Wednesday, January 5, 2011


Once upon a time there was a little blonde girl who looks a bit like me, who ran the whole way home from her first day in 1st grade.  All because it was her birthday and they were going to Aunt Karen's the minute she got home.  Mom met her at the corner, every bit as excited as this little girl.  Mom and Dad and Little Sister and Little Brother and Blondie all loaded up and headed south.  They drove for seven hours straight into the Nevada desert.  That little girl got to sit up front and stayed awake and stared at the stars and waited.  She thought she even saw a mustang.  The family five arrived at half past midnight and let themselves into a quiet little farmhouse, set on the side of a dusty hill.  There was a minature cake waiting for Blondie and squashy couch on the front porch for her to sleep on.  She drifted off smiling. 
But things only got better when she woke up to another little blonde girl who'd begged to help make the cake because it was her birthday too:  Salem.  The two were inseparable for the rest of that week and from then on as all long lost twins should be.  Blondie cried herself to sleep on the drive home and once they got there Mom suggested that Blondie write Salem a letter.  And so she painstakinly did.  Month after month, year after year, infrequent visit after visit, they stayed inseparable through crayons and butcher paper; through scented markers and elementary school cursive paper; through gel pens and notebook paper; through birthday cards and lady-like stationery they filched from their mothers; gave up writing to live together their freshman year at college; started again and went straight on through to wedding announcements.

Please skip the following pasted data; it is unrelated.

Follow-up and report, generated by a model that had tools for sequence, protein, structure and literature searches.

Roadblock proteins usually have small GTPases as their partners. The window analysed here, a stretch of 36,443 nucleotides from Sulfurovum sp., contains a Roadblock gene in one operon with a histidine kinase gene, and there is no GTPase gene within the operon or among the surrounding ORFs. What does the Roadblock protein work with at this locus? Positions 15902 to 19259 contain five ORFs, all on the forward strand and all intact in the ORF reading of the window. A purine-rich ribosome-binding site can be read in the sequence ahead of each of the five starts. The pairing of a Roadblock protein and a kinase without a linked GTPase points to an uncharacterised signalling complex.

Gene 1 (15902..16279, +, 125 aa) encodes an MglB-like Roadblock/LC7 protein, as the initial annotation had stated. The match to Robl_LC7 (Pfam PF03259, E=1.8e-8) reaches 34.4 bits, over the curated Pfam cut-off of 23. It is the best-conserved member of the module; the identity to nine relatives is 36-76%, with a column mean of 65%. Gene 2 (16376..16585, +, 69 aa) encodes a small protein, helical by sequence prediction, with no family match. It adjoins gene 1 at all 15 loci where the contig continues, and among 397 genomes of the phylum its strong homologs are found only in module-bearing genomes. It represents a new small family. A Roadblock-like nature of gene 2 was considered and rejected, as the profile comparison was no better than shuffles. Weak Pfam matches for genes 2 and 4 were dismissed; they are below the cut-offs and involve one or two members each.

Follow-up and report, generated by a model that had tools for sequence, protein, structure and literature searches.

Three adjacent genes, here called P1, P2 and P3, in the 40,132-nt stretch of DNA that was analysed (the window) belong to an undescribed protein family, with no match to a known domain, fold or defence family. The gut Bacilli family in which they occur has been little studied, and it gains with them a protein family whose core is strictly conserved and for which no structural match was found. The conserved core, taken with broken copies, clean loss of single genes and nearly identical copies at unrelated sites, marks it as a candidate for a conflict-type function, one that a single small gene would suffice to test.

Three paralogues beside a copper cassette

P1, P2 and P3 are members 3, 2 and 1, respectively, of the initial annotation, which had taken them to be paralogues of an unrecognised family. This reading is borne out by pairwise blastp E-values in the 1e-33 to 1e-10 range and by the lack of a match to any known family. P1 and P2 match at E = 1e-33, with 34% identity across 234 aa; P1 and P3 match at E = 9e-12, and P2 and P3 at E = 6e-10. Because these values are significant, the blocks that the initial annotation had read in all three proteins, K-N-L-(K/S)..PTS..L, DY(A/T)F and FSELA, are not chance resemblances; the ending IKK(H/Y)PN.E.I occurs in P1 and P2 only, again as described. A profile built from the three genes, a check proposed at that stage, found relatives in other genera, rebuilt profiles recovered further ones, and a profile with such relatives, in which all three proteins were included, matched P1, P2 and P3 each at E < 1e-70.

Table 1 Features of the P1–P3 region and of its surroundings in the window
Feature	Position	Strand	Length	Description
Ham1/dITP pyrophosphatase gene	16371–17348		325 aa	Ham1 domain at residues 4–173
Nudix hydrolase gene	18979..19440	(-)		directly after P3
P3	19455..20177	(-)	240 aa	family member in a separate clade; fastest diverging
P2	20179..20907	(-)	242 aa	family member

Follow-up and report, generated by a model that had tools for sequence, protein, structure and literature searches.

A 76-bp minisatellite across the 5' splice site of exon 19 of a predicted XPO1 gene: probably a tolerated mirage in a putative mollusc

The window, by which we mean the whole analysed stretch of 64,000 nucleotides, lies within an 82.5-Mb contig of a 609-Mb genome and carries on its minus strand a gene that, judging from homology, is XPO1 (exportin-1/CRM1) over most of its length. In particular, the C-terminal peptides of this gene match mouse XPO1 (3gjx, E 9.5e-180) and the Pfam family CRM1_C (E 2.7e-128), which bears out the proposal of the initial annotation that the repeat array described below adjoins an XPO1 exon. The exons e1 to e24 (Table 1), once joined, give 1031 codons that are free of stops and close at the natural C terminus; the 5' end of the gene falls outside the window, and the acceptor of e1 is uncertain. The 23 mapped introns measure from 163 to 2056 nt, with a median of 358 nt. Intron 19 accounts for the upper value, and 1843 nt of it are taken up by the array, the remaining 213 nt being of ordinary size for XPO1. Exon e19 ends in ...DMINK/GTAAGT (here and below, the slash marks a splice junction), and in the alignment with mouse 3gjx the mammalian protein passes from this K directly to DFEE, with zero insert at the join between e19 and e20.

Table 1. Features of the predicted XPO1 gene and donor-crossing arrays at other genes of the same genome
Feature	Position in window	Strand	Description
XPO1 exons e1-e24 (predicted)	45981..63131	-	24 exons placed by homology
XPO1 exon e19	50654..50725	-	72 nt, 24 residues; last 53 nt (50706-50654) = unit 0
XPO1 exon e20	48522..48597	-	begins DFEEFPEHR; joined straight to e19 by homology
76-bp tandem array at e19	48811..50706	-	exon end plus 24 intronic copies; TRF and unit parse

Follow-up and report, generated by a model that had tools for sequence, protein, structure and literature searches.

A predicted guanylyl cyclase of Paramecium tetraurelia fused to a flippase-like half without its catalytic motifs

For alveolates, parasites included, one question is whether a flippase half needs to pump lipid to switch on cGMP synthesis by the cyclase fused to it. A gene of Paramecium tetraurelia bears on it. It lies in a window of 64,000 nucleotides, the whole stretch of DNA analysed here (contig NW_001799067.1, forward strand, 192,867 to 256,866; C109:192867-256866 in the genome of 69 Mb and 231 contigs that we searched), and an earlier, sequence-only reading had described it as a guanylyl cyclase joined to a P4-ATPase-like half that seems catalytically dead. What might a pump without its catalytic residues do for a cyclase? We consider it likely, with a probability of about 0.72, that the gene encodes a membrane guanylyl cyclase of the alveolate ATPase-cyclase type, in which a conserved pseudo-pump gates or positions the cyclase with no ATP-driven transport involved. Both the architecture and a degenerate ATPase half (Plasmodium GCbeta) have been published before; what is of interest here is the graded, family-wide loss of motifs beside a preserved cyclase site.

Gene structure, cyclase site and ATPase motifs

Salem's married now and expecting her second baby.  She turned out to be one of those rare ones who's actually meant to be married before twenty.  We tend to emails now thanks to the stress of our individual lives a state apart, but we will always be letter writers.  I read them sometimes still and laugh at the inane things we came up with as little girls and gasp at the forgotten loves we chronicled for each other.  I read them because I stop missing her and it's almost as good as talking to her.  I read them because I hope we have kids who can be cousins and friends and writers like we are.  Emails give information, but those letters, we give ourselves.

1 comment:

  1. That's a pretty cool story. It's interesting that your bond was largely centered around writing letters. I had a few penpals as a child. Unfortunately I didn't save many of the letters but I save everything now. I wish more people were still into letter-writing.